Some are calling it an African land grab. It’s led by outside investors with plans for food production, not for Africa but for their own populations. A report by the Food and Agriculture Organization of the United Nations says acquisition of African land by outside investment groups has stepped up in the last twelve months.
The UN report questions whether it’s a land grab or development opportunity. However, it also says rural people are being displaced or denied access to land for their own food production. Unfortunately, Africans have seen this before.
The rush to Africa by European powers over a century ago resulted in extractive agricultural products that required fertile land and forests. Among other well-documented results from colonialism, it also contributed to ecological damage and left Africans to subsist on marginal land.
Today the Guardian notes some of the world’s richest countries are buying or leasing land in some of the poorest to satisfy insatiable appetites for food and fuel. Food security, changing diets and a demand for biofuels is driving the land acquisition.
An interesting side note; China is not among the largest investors, contrary to popular conception. India, South Korea, some Arab states and Americans are more heavily invested than the Chinese, according to the UN research.
The report says large tracts of land are being purchased or leased for industrial scale export farming. Some African governments agree to rent-free leases while others provide tax incentives based on perceived benefits such as jobs and infrastructure development.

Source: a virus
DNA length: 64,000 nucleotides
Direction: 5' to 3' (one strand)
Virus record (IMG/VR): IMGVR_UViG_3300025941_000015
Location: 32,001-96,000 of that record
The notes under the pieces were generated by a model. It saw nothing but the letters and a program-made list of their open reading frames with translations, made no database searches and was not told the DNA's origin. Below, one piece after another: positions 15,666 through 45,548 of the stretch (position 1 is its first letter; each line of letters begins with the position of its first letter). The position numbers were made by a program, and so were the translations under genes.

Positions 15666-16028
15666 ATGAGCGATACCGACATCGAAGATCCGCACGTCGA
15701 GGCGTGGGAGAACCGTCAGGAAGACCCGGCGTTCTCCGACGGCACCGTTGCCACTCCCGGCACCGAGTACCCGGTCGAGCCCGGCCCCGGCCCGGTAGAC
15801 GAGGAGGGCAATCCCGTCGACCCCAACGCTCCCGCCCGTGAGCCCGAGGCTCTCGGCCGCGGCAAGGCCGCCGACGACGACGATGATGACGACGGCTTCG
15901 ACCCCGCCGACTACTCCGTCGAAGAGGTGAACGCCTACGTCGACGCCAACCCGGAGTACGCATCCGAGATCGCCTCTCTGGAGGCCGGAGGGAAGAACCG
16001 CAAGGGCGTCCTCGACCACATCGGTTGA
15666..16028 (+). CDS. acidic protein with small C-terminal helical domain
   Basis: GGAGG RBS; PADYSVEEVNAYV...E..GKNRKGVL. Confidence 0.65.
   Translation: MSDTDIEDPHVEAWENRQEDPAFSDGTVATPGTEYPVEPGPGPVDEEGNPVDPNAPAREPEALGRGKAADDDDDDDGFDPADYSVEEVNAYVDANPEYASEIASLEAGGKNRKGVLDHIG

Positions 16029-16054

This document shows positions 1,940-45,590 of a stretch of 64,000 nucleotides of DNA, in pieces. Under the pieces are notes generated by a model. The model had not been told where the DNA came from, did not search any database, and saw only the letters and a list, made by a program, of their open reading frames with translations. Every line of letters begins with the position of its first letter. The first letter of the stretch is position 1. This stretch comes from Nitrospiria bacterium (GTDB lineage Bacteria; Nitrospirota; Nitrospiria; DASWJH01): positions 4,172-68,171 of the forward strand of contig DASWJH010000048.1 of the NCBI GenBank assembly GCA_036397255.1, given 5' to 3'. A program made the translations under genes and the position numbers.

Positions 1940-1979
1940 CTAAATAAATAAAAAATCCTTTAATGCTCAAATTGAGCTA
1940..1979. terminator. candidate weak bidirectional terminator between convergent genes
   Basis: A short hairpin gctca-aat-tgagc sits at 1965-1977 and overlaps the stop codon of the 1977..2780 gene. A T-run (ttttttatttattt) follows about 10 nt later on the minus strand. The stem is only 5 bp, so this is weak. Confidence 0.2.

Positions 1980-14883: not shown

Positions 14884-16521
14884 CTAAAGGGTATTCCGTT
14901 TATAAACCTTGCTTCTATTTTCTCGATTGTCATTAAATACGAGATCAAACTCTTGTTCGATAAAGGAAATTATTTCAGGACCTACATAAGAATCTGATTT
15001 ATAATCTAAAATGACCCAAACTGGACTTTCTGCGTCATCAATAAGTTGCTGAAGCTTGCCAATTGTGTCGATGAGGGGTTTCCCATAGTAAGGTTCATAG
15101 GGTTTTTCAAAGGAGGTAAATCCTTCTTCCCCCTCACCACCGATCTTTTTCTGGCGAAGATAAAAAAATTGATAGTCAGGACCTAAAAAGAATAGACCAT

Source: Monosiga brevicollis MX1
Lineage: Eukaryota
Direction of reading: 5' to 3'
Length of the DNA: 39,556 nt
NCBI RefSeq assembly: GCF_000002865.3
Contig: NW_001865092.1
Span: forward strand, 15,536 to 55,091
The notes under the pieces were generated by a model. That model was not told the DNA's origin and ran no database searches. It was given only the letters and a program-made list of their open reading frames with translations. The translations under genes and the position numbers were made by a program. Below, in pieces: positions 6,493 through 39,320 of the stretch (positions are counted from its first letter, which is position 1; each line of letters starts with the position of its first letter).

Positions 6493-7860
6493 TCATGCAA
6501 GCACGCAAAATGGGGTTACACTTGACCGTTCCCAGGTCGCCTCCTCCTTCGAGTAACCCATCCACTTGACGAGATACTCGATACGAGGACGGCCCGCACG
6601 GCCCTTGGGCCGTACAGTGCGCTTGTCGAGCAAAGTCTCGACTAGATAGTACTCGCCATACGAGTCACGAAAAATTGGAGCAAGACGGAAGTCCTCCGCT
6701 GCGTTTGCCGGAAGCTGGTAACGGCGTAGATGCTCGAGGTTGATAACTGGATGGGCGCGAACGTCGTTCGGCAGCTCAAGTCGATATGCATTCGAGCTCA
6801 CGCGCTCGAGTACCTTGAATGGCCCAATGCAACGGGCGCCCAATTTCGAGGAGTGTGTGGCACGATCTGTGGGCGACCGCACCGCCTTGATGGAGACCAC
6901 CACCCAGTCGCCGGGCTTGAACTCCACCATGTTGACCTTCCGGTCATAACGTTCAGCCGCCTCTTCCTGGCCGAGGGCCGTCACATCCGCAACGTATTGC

The issues are amazingly complex. A mix of private ownership, government management and traditional community practices affect land management.
The UN report suggests local communities and citizens groups need a voice in land use because they will be affected directly and significantly by leasing arrangements.
Because they have supported small scale agriculture for local food production, non-governmental development organizations including groups such as Church World Service, Oxfam and UMCOR have a direct stake in how land use policies are implemented. Many religious denominations, especially United Methodists, have heavy presence in rural areas where subsistence agriculture is the sole means of support for the people. They have invested heavily in agricultural coops, women’s groups and other community organization efforts. Therefore, land management policies and large scale export agriculture could directly affect their congregants and their communities.
These communities are already disadvantaged, lacking voice, power and money. But the organized groups can provide a platform for them to raise their concerns about land management and access for the people. If development is indeed an outcome of the agricultural leases it should accommodate local input. If not, the community voices ought to be heard to advocate for community interest.
Local congregations and other church organizations that partner with Africans have incentive to learn more about these land leases as well, and to include land concerns in their partnership. To do less is to risk the undoing of much of the work they have been about, in many cases for years. This is a case of policy intersecting with religious concerns in a very specific way.